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What makes a good poem? How and why do you write poetry? Depending on which group of poets you ask, the answer varies. To learn which poetic style and school of thought best suits your own ideas about poetry and writing, take your “poetic pulse” with our quick quiz.
What’s Your Poetic School Of Thought?
Poetic personality #1 –
- Are a dreamer
- Appreciate nature
- Believe in the power of the individual
- Trust your instincts and follow them
- Are fascinated by passion (and are passionate)
Congrats! You should be inducted into the Great Order of the Romantic Poets. There are no initiation fees, no rules to follow except those in your heart—but there is a lot of healthy debate among members. If you appreciate the simple life, this club is for you. The Romantic movement of the late 1700s was incredibly popular in poetry, and its influences are still felt today!
Poetic personality #2 –
- Love that live poetry readings have a special kind of energy not found on the page
- Like to write in rhyme and play with the sounds of your words and lines
- Want to change the world for the better through poetic expression
- Don’t mind a little friendly competition to liven things up, and like hanging out with other poets
- Think good poetry can be written by anyone, not just the formally educated
You’re an excellent candidate for slam poetry, a spoken-word poetry movement that came to prominence in the 1990s. Slam poetry contests are held all over the country. Think of enthusiastic people performing carefully crafted poems that play with the sounds of words and deliver strong, sometimes sociopolitical messages. That’s slam.
Poetic personality #3 –
- Enjoy word association games like “when I say ‘tree,’ you say _____”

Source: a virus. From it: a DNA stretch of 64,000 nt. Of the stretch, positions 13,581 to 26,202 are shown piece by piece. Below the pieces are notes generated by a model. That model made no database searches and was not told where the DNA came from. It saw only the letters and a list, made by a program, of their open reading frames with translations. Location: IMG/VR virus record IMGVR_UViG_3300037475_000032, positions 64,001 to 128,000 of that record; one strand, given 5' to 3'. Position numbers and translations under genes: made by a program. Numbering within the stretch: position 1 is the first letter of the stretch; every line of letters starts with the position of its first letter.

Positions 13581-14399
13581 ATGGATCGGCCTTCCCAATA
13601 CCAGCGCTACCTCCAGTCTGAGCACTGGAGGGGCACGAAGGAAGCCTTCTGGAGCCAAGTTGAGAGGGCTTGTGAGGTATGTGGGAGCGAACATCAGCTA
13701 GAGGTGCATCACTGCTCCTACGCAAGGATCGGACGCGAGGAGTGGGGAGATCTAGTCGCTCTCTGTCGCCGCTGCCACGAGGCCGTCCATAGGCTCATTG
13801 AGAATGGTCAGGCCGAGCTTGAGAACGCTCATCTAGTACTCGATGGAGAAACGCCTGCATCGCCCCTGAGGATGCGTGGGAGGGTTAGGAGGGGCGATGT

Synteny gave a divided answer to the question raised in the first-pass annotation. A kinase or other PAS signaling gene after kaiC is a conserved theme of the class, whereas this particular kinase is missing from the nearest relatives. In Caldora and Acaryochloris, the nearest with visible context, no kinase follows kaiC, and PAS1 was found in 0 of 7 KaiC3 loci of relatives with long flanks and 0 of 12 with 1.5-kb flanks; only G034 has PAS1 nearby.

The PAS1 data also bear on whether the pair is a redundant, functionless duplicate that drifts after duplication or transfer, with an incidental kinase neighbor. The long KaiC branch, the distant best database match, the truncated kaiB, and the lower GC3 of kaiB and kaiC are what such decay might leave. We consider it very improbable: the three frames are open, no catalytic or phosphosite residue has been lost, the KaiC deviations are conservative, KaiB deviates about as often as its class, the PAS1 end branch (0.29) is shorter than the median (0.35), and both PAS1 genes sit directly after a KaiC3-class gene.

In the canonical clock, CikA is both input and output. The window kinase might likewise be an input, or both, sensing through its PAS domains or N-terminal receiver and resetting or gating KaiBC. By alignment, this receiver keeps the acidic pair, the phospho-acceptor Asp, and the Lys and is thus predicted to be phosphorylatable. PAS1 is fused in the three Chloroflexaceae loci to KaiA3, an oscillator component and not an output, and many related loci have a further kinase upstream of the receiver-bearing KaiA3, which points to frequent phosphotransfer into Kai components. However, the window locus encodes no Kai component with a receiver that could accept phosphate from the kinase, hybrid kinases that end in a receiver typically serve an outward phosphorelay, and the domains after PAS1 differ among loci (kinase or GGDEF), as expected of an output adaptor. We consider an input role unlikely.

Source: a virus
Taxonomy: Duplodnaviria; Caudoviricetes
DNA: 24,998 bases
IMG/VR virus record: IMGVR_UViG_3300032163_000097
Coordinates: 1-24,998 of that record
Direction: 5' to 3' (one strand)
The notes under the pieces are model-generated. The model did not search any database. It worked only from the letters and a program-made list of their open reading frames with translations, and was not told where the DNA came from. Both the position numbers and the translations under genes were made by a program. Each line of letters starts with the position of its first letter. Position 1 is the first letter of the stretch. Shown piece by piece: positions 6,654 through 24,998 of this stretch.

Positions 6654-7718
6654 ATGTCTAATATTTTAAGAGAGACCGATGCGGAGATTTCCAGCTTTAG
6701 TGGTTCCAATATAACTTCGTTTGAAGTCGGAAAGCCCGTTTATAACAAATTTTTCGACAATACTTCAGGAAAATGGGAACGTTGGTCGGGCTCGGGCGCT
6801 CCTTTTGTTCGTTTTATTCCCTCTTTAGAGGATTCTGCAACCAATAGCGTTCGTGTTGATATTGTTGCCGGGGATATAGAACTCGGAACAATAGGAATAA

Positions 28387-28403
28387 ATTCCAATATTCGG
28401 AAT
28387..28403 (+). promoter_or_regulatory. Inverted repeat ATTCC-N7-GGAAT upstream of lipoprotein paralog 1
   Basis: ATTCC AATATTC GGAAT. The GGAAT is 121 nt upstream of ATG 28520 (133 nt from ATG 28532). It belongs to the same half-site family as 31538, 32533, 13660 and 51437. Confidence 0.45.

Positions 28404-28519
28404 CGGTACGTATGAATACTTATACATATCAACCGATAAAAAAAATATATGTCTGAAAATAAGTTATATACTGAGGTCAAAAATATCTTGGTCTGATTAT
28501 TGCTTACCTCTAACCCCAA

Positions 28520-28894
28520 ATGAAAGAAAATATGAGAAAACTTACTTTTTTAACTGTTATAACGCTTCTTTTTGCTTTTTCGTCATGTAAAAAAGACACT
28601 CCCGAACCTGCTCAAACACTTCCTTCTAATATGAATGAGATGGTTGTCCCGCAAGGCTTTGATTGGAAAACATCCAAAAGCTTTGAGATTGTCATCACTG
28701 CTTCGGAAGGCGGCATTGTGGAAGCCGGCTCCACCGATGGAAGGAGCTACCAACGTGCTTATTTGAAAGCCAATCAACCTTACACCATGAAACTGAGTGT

- Mine your dreams for inspiration
- Believe in the power of your unconscious mind to create art
- Aren’t afraid of poems that other people say “don’t make sense”
- Don’t like to box yourself into ordinary word use and traditional associations
Hello, surrealist poet! Finger iron rumpling disco flagballs! (See, we speak your language). Surrealist poets dig deep into the human consciousness for truths that aren’t hindered by the so-called contrivances of traditional poetry or of the conscious brain. If you’re into surrealism, you want to explore the fundamentals of your human existence and aren’t afraid of stripping away the mental scaffolding that makes narrative “make sense.” Read up on surrealist techniques.
Poetic personality #4 –
- Are sentimental and maybe a little prone to melodrama
- Love a long poem, especially if it tells a story with a moral
- Aren’t afraid of weighty traditional forms with easy-to-memorize rhyme schemes
- Think poetry can touch the heart and mind without sacrificing the entertainment aspect
Grab some hot chocolate and marshmallows: You’re a fireside poet, and you’re in good company with Longfellow, Holmes, and Bryant. Fireside poets can be crowd-pleasers, but don’t think that means you shy away from asking tough questions of your audience. Oh, and you also love rhyme.
Poetic personality #5 –
- Are frequently guilty of “oversharing”; no topic is off-limits
- Will mine your deepest secrets for the sake of art
- Don’t necessarily need all the bells and whistles of some poetic forms to make an impact
- Find that there’s something personally therapeutic about writing
Step into our office, have a seat on the chaise, and put up your feet: You’re a confessional poet. Confessional poets are brave in the extreme, not shying away from their most difficult inner conflicts—and the world’s better for it. Confessional poets opened up new discussions about issues that were (and are) being swept under the rug of social convention.
What Type Of Poet Are You?
There are many more schools of poetry: futurism, beat poetry, imagism, language poetry, Harlem Renaissance… We could go on. Find more schools of poetic thought here. And if you don’t feel like you fit into any preexisting poetry philosophy, that’s okay! You could be in the vanguard of an exciting new poetry form!